A US-led coalition ousted the Taliban from power in late 2001, but the conflict in Afghanistan continued. After a fallback in the south and east, the Taliban reorganised and began to increase their presence in other provinces by 2006. Other AGEs operating in Afghanistan included Hezb-e Islami/Gulbuddin Hekmatyar (HIG), the Haqqani Network and Al Qaeda affiliates, including Tehrik-e Taliban Pakistan (TTP), Lashkar-e Tayyiba (LeT), Lashkar-e Jhangvi (LeJ) and the Islamic Movement of Uzbekistan (IMU). This insurgency was characterised by mainly asymmetric warfare: AGEs used roadside and suicide bombs and complex attacks, intimidation of civilians and targeted killings to destabilise the country. This was countered by searches, clearance operations and bombings by the ANSF and international military forces. According to the UNAMA, the security situation deteriorated after 2005. The conflict deepened throughout 2007 and 2008, directly affecting around a third of the country.
From 2010 onwards, the Taliban-led insurgency spread into all regions of Afghanistan. Insurgent violence intensified in the run-up to the presidential elections in 2014. Since then, security sharply deteriorated across Afghanistan.
A 2017 report by UN Secretary General noted that the Taliban had been able to control larger parts of the country and the emergence of ISKP added ‘a new, dangerous dimension’ to the situation. Human Rights Watch noted that although the Taliban claimed to target government and foreign military facilities only, their indiscriminate use of force killed and injured hundreds of civilians.
On 29 February 2020, the US and the Taliban signed an agreement for bringing peace to Afghanistan. After signing the deal, the Taliban almost immediately resumed and intensified attacks against ANSF. In response to these attacks, ANSF also resumed their operations against the Taliban. Widespread fighting between the ANSF and Taliban took place in various provinces of the country. Fighting between ANSF and other AGEs was also reported [Security 2020, 1.3, Security June 2021, Security September 2021].
An overview of the most important actors who may have been involved in excludable acts during this period is given below.
The former Afghan government and pro-government forces
Unlawful and arbitrary arrests, intentional killings, and summary executions by ANSF were reported, targeting particularly members or suspected members of AGEs and their families. ANA and NDS were also responsible for indiscriminate airstrikes causing civilian casualties [State structure, 2.1; Security 2020, 1.3.5].
The use of torture and other ill-treatment during detention were reported from all ANSF facilities, particularly in prisons under the command of NDS in which torture was described as common and systematic practice [State structure, 2.1, 3.6].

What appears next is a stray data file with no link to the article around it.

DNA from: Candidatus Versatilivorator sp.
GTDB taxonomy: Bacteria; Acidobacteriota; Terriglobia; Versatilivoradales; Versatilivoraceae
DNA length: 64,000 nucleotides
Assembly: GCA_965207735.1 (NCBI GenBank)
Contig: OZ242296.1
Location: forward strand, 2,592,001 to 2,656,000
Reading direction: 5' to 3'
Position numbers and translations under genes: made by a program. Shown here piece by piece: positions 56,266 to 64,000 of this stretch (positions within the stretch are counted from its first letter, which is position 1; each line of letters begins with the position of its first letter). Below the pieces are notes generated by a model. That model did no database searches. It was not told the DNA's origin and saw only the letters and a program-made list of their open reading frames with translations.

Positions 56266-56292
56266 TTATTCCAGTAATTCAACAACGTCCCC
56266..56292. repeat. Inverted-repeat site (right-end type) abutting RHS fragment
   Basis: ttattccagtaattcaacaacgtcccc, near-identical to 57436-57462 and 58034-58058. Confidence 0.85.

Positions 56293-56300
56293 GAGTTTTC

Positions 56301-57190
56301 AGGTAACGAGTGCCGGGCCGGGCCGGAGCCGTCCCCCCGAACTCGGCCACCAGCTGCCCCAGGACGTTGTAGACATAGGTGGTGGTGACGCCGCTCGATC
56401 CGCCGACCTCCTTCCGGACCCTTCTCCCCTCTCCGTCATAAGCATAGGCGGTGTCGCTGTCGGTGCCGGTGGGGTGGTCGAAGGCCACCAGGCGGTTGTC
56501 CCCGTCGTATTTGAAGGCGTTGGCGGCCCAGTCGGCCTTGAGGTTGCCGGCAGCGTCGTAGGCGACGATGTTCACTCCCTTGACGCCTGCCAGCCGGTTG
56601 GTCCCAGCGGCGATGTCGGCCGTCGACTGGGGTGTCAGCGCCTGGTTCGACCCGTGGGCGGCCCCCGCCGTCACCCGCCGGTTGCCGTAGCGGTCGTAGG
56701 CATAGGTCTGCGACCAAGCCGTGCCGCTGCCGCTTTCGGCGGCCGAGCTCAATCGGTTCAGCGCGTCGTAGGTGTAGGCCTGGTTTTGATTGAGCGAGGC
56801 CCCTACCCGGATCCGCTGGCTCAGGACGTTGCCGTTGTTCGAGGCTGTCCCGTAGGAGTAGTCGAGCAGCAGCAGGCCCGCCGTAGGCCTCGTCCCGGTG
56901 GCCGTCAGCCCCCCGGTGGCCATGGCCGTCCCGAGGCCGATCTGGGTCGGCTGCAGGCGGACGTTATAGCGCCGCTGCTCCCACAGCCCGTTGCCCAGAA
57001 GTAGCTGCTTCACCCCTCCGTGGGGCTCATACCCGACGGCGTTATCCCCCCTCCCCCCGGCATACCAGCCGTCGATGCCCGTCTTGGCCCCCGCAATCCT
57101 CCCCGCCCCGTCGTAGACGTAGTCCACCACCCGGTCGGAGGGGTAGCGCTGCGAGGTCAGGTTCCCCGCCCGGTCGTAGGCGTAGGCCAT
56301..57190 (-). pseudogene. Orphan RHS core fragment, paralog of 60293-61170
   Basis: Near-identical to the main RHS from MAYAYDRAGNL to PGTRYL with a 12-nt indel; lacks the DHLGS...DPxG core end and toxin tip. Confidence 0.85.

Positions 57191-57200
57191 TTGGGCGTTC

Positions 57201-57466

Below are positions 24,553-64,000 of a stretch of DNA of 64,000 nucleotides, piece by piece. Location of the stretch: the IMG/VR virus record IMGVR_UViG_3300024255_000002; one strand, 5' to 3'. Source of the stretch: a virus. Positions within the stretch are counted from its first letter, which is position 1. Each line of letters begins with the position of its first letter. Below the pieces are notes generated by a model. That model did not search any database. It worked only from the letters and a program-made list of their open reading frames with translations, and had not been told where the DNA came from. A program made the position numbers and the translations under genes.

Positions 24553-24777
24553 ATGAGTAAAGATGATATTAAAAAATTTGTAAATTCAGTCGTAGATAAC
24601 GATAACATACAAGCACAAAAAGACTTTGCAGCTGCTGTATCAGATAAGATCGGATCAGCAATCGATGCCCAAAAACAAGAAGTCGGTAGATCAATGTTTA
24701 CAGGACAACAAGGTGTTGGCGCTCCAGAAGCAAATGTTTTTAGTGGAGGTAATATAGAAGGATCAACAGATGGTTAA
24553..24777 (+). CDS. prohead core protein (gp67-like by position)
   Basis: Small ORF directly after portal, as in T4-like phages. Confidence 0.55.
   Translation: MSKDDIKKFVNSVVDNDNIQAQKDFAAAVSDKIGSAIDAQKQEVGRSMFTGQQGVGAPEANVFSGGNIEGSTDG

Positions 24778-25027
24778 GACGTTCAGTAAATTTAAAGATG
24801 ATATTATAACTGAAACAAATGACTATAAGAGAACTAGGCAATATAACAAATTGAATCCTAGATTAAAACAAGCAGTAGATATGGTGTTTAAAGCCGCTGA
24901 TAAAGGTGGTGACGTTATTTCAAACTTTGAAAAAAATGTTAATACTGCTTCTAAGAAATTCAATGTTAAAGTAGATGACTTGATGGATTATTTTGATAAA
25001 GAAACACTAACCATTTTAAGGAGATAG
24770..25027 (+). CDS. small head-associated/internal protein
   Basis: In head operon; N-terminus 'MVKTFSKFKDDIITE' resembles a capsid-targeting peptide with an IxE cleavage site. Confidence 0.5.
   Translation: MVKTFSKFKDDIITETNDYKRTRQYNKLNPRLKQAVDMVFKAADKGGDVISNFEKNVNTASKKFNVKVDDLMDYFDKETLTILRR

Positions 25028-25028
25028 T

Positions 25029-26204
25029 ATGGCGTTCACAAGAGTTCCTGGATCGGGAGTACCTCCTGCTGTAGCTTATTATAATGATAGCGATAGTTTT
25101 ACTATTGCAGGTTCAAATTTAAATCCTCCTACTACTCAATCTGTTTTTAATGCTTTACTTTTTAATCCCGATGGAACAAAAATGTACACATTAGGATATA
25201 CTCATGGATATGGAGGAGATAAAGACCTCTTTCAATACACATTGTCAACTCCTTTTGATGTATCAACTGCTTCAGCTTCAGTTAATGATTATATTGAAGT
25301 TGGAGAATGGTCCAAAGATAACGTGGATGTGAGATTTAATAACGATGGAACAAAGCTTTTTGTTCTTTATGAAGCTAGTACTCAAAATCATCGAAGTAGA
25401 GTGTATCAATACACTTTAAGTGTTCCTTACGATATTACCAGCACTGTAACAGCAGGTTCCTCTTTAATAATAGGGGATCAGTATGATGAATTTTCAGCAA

Cases of sexual abuse and exploitation of boys, including the practice of bacha bazi perpetrated by members of the ANSF and pro-government militias were reported, as well as child recruitment or use of children in combat or in support role, especially within the ANP and the ALP [State structure, 2.1.1-2.1.3].
Despite the efforts of the government to fight against corruption, it remained a widespread phenomenon in Afghanistan, especially within the ANSF (ANP and ALP are perceived as the most corrupt forces), the judicial system, and some ministries, such as the Ministry of Interior. Reported crimes included extortion, bribery and embezzlement [State structure, 1.8, 2.1.2, 2.1.3, 3.4].
The Taliban have a hierarchical organisation with strong leadership and operated a parallel government structure (‘shadow government’) across Afghanistan. During the insurgency, they controlled large parts of Afghanistan and have committed excludable acts in every province. They have been involved in abductions, targeted killings, indiscriminate and deliberate attacks against civilians and civilian objects. The Taliban considered foreign troops and those who worked closely with them (some of the ANSF, interpreters, spies, and contractors) to be top priority targets. Other primary targets included government officials or employees, as well as their families or those perceived as supporting the government. In areas under their control, the Taliban had established a parallel justice system to handle civil and criminal disputes. Punishments enforced by the Taliban parallel justice system included summary execution, mutilation and stoning to death [Anti-government elements, 2.5, 2.6; Criminal law and customary justice, 1.8, 2.3.3]. See section 1.1 Taliban.
ISKP, a UN-designated terrorist organisation in Afghanistan, appeared in late 2014 or early 2015. They used indiscriminate and deliberate suicide attacks to target Shia Muslims and other religious minorities like Sikhs, but also government officials and other civilians. UNAMA has indicated that ISKP’s attacks on Shia minorities during 2019 constituted serious violations of international law, potentially amounting to war crimes and crimes against humanity. They also practice summary executions, including through beheadings. ISKP are suspected to receive assistance by the Haqqani Network to plan and carry out high profile attacks [Anti-government elements, 3.2, 3.5, 3.6]. See the section 1.4 ISKP.
Other non-State armed groups
Other insurgent groups such as the Haqqani Network, Al Qaeda and foreign AGEs are often linked with either the Taliban or ISKP and it is sometimes difficult to distinguish their acts from those of the Taliban or ISKP. [Anti-government elements, 4.1, 4.2, 4.3]. See 1.3 Haqqani network, 1.5 Al Qaeda, 1.6 Foreign terrorist groups and fighters.
All AGEs recruited children to use them in combat or in support roles during the conflict [Anti-government elements, 2.4.1, 3.4, 4].